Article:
Nevertheless, the dilemma remains. At the edge of existing markets, there are considerable numbers of base stations that are not fundamentally profitable. This is particularly true of some of them that require two-generator fuelling and satellite backhaul. You can share infrastructure with operators and rent towers but that only takes you so far. And beyond the edge of existing markets are another set of edge markets that make the current ones look like a walk in the park: low population densities; off-grid and off-network; small numbers of data users (missions, resorts, etc) and low numbers of voice users with marginal and sometimes vulnerable incomes.
The only way to address these edge markets is to lower both the OPEX and CAPEX costs. For example, the Open BTS project tested a network at the Burning Man Festival in the USA back in the summer. It was not interconnected to the national networks but successfully provided a phone service for 40,000 people.
OpenBTS is built on Linux and distributed via a AGPLv3 license. When used with a software-defined radio such as the Universal Software Radio Peripheral (USRP), it presents a GSM air interface (“Um”) to any standard GSM cell phone, with no modification whatsoever required of the phone.
Two of OpenBTS’s three founders are a duo of wireless design gurus that make up Kestrel Signal Processing: David Burgess and Harvind Samra. The third is industry luminary Glenn Edens, the same Edens who founded Grid Systems, maker of the first laptop in the early ‘80s, who is also known as the former director of Sun Microsystem’s Laboratories (among his other credentials). He is the CEO of Range Networks who will commercialise the offering.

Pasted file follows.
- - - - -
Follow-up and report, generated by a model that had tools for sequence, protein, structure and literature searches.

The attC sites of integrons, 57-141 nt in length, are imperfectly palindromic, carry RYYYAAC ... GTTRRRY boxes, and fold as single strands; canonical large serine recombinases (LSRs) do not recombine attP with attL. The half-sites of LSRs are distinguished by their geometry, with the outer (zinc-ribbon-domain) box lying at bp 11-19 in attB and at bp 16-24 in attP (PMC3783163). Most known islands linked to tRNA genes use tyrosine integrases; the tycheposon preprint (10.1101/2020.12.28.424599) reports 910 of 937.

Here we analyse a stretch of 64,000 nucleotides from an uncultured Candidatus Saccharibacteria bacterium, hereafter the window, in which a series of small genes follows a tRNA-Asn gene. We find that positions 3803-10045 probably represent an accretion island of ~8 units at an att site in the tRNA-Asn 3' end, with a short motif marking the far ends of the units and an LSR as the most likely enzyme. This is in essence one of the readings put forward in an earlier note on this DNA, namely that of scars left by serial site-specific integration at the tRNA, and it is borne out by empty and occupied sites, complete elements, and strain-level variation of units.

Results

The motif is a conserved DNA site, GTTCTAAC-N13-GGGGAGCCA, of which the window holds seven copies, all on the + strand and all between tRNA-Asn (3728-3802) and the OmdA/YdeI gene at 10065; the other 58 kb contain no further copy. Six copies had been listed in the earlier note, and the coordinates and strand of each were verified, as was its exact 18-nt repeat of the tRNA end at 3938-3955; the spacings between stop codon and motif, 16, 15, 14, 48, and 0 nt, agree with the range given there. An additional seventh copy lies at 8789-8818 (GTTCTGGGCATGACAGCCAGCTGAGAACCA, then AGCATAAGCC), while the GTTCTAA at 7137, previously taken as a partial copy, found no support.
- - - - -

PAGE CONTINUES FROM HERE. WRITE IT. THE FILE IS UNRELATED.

It requires a mere 50 watts of power so it is easily supported by solar or wind power, or batteries. It performs as well as any other GSM base station which has a maximum range of 35 kilometers and a typical range of 20 kilometers, depending on geography, antennae height, etc. A full?power base station with software costs around $10,000. Compare that to the typical $50,000 – $100,000 investment for base station controllers, mobile switching centers and “a whole lot of plumbing” to bring in power, backhaul, etc., in a traditional cellular network.
The continent’s own low cost challenger is the Village Telco that is being promoted by the Shuttleworth Foundation’s Steve Song. It uses a Wi-Fi Mesh technology that is low-cost and easy to roll-out and is called with tongue-in-cheek chutzpah, the Mesh Potato. It launched the device at the beginning of September and it is currently being rolled out in Orange Farm in South Africa: it was possible to roll-out nearly 40 devices in just two days.
So the tactical choice for mobile operators is: do we do this ourselves or let some other brave soul throw themselves off the cliff, clutching the latest, all new, low-cost technology? At least one major mobile operator has been trying out Wi-Fi mesh technology but in Eastern Europe, not an emerging market. It seems to me that both regulators and mobile operators should encourage others to roll-out in this way. For as the Godfather said in the movie:”Keep your friends close and your enemies even closer.”
For maybe one day, large parts of the network will be run using this kind of equipment and the kind of assumptions currently made about mobile voice and data networks will change completely.